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This tree is quite old and has deeply fissured corky bark, as well as shari starting from the base of the trunk and continuing to the dead jin that was once the tree’s apex. It was growing in a pocket of rock on a ledge and I was able to get the entire root system home with me. It had one branch growing ram-rod straight and I couldn’t resist styling it to see what I could do with it…a detail of the work:

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I’ve found fall to be the best time to work on these trees as their bark is very soft and sappy if bruised or broken; some kind of protection such as raffia is essential for bending larger branches. A shot of the tree’s apex:

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The shari along the trunk:

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These trees retain a lot of resin in their sapwood and heartwood and the shari on this one is very good–no rot is present yet and the bone white color is totally natural, I haven’t used a drop of lime sulphur on it. And a final detail of the base of the trunk, which is 3 1/2″ in diameter where it emerges from the soil:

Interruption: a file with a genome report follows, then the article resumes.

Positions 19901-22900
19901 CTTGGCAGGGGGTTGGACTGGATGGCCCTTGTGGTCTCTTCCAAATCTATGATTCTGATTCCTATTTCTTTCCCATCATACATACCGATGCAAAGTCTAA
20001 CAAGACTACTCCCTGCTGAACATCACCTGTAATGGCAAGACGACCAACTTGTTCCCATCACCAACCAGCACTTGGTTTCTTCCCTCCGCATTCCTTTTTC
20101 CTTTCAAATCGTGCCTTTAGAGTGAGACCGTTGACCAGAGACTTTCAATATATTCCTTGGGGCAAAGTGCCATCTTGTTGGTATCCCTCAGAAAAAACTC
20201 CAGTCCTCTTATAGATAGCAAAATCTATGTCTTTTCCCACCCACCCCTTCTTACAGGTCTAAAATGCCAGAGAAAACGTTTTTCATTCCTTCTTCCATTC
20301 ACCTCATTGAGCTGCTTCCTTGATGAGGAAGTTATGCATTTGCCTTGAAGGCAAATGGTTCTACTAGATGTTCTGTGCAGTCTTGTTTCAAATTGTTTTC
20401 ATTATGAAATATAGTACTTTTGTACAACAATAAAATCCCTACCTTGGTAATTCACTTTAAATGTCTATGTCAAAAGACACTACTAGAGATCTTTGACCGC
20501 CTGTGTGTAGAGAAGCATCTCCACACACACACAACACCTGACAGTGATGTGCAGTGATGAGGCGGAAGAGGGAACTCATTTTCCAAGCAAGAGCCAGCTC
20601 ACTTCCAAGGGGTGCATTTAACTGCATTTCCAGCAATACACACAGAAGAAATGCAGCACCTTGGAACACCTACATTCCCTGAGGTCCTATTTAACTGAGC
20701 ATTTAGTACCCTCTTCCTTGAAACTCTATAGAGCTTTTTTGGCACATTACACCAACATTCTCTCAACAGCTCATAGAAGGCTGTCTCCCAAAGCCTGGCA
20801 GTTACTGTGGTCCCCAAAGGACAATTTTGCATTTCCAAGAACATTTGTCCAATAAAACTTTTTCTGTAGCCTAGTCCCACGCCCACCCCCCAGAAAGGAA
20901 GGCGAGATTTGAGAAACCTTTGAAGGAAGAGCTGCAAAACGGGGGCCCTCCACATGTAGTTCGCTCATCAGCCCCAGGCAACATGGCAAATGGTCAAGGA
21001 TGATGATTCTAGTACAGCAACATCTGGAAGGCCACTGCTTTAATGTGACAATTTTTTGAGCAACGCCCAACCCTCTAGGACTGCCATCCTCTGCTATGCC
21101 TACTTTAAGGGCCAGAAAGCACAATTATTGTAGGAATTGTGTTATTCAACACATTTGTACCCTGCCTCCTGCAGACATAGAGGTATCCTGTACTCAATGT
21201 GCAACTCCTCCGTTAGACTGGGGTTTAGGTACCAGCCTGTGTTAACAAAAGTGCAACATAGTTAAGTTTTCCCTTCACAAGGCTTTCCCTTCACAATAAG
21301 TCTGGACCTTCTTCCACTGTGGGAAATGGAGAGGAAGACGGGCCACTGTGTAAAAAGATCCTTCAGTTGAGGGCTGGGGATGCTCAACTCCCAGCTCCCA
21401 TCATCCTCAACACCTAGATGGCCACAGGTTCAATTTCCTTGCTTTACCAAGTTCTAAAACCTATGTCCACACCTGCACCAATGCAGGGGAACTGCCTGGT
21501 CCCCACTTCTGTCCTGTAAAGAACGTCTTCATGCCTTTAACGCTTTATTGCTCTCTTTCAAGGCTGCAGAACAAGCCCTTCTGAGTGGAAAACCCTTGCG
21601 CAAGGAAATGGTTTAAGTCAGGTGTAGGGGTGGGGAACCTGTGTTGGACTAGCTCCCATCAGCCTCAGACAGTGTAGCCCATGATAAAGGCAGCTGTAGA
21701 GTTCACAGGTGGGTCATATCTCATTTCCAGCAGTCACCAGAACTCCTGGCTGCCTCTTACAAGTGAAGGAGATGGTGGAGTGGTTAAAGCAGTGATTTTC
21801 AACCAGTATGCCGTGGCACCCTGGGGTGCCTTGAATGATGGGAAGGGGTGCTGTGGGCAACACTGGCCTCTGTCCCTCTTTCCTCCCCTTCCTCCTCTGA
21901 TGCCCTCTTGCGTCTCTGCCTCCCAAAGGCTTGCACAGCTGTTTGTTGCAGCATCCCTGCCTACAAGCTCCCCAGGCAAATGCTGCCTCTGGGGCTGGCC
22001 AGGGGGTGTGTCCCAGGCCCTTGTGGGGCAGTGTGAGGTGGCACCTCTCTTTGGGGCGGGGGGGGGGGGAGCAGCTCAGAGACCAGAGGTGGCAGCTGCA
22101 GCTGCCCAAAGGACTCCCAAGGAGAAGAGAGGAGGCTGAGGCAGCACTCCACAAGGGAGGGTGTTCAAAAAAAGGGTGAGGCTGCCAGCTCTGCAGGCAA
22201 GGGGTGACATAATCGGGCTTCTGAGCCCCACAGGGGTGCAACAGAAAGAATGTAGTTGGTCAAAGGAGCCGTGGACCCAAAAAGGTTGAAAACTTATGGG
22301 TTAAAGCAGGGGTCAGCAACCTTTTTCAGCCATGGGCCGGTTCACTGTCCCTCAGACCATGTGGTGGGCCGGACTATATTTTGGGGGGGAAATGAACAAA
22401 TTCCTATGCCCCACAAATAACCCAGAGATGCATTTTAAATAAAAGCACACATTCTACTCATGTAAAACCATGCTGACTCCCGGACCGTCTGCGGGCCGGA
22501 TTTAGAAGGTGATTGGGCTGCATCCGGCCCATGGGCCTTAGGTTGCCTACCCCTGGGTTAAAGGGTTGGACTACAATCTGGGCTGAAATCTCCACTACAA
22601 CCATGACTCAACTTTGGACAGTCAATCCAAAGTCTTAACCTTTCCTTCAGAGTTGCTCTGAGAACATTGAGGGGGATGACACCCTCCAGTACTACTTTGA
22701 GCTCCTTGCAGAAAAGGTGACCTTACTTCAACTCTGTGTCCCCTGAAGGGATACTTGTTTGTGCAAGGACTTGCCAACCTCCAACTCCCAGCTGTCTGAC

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And here’s a little something I found, a small forest that was a rodent’s cache or a cone whose seeds never dispersed and sprouted together. There are seven trunks and an Oregon boxwood to boot…a real treasure of a find:

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I think a little pruning and a little wire will be all that’s needed to make this a stunner…oh, and a nice pot ๐Ÿ˜‰

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A detail ย showing branches already set with downward angles and a nice, natural mochikomi surface surrounding the trees. This is something I always try to preserve when I collect a tree, I think it’s sad to see other collected trees with the surface soil and mosses ripped away unecsessarily. I know it’s not always possible to retain something like this, but I like to if and when I can as it can give a real sense of place where the trees have originated, a built-in accent planting, if you will. Next I’d like to show you a tree I found falling away from a vertical rock wall. I could see that if I didn’t collect it, fate was not going to be kind to this one…